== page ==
First Nations children increasingly disconnected from culture, SNAICC says, following new report
The number of Aboriginal and Torres Strait Islander children in out-of-home care who are placed with families outside of their cultural group is increasing, leaving them “at high risk of losing connections to culture, family and community that are vital to their safety and wellbeing”, SNAICC CEO Richard Weston said.
Mr Weston said SNAICC – National Voice for our Children is “deeply concerned” about the issue, which is highlighted in a new report, released by the Australian Institute of Health and Welfare (AIHW) on Friday.
The Aboriginal and Torres Strait Islander Child Placement Principle Indicators 2018–19 report measures progress towards implementing the Aboriginal and Torres Strait Islander Child Placement Principle – a principle that aims to ensure the value of culture to the safety and wellbeing of Aboriginal and Torres Strait Islander children is embedded in policy and practice.
Central to the Principle is the aim of increasing self-determination for Aboriginal and Torres Strait Islander peoples in child welfare matters. It has five elements – prevention, partnership, participation, placement and connection.
The AIHW report only reports against two of the elements of the Aboriginal and Torres Strait Islander Child Placement Principle, ‘placement’ and ‘connection’, highlighting limitations in data.
Importantly, it does not account for all Aboriginal and Torres Strait Islander children who have been removed by child protection authorities and are living away from their parents and families. Over recent years child protection authorities have removed children who have been placed into ‘permanent care’ with a third party (ordinarily a foster or kinship carer) from the count of children in out-of-home care.
This move has effectively made thousands of Aboriginal and Torres Strait Islander children that have been removed, invisible in the system, and is strongly opposed by SNAICC and many Aboriginal and Torres Strait Islander organisations across the country.
The report “highlights many gaps in the available data that need to be urgently addressed,” SNAICC said, noting the finding that, as at 30 June 2019, of the 17,979 Aboriginal and Torres Strait Islander children living in out-of-home care, 63 per cent were living with Aboriginal and Torres Strait Islander or non-Indigenous relatives or kin or other Aboriginal and Torres Strait Islander caregivers.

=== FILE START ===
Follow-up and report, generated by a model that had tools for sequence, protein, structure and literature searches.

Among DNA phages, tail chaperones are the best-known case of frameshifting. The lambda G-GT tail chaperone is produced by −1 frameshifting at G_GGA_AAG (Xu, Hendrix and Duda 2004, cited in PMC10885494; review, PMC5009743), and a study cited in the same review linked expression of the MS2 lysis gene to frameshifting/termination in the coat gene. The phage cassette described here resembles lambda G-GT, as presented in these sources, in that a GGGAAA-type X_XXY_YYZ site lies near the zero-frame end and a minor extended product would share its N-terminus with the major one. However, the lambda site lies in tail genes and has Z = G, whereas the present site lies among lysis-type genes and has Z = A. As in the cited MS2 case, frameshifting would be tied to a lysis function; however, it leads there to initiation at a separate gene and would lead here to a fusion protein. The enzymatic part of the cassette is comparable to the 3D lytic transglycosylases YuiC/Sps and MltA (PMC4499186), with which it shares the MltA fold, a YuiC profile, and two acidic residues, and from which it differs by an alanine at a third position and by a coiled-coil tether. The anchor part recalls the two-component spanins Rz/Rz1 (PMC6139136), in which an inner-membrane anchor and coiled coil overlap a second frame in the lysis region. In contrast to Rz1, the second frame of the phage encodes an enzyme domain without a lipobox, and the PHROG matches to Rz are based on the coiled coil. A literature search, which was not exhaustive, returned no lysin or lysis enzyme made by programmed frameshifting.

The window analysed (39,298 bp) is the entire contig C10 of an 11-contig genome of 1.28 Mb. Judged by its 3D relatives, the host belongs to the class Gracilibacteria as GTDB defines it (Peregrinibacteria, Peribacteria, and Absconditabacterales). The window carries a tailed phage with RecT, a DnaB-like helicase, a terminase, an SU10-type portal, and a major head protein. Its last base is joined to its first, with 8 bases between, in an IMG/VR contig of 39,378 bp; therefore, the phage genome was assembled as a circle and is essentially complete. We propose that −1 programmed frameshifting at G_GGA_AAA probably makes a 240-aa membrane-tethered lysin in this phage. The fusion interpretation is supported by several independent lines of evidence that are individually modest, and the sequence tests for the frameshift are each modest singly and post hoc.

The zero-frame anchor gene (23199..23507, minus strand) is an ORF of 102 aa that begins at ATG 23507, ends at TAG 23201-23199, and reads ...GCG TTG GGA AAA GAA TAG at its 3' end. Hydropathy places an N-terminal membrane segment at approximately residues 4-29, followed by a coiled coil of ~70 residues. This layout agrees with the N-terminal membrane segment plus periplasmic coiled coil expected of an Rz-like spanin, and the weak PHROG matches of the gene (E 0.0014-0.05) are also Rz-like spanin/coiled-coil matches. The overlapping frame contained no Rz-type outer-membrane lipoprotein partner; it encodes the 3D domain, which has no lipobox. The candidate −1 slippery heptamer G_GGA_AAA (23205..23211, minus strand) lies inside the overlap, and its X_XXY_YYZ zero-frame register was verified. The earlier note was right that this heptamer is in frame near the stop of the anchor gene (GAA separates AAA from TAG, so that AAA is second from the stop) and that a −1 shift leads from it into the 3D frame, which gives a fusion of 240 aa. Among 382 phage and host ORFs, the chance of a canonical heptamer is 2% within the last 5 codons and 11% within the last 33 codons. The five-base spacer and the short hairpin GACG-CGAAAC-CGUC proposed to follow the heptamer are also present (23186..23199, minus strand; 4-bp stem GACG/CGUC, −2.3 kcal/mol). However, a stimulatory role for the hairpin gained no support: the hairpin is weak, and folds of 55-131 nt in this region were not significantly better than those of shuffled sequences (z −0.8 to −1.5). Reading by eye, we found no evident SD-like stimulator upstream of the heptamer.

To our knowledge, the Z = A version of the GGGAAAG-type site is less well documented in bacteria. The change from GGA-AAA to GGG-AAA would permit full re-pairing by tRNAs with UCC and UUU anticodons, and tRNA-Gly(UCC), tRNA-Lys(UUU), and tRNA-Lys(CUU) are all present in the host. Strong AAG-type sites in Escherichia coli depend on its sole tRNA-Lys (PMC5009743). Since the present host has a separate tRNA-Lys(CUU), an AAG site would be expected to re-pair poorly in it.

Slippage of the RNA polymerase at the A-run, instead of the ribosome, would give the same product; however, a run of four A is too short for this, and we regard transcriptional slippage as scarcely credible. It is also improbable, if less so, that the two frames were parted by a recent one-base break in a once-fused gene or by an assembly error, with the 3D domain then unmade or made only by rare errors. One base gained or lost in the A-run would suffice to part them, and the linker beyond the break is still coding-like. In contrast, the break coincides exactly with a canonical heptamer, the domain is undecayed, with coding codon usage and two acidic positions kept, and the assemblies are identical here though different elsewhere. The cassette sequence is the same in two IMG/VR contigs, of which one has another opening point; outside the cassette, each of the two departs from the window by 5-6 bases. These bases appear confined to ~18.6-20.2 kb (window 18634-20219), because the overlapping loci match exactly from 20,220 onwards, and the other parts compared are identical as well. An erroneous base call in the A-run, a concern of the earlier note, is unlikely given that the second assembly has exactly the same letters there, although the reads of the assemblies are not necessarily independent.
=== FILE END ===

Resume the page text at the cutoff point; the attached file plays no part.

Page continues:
Only 43.4 per cent of Aboriginal and Torres Strait Islander children in out-of-home care were living with Aboriginal and Torres Strait Islander carers, which has fallen from 47.9 per cent over the two years previous.
The report also shows that only 19 per cent of Aboriginal and Torres Strait Islander children who were considered to have a possibility of reunification, were reunified, compared with 26 per cent of non-Indigenous children.
“Our children are not just numbers to be wiped off government books. We hope with the new Closing the Gap agreement, we can work with governments to ensure investment in prevention and early intervention is prioritised to support our children and families,” Mr Weston said.
Without urgent efforts to safely reunify children to their parents, the new Closing the Gap target to reduce the over-representation of Aboriginal and Torres Strait Islander children in out-of-home care by 45 per cent by 2031 “could quickly move out of reach,” he added.
The report also highlights that many vital data points cannot yet be measured against and require urgent attention. This includes access to prevention services, expenditure on Aboriginal and Torres Strait Islander community-controlled organisations and participation of Aboriginal and Torres Strait Islander families in ‘family-led decision-making’ in child protection.
To access the report in full, please see here.
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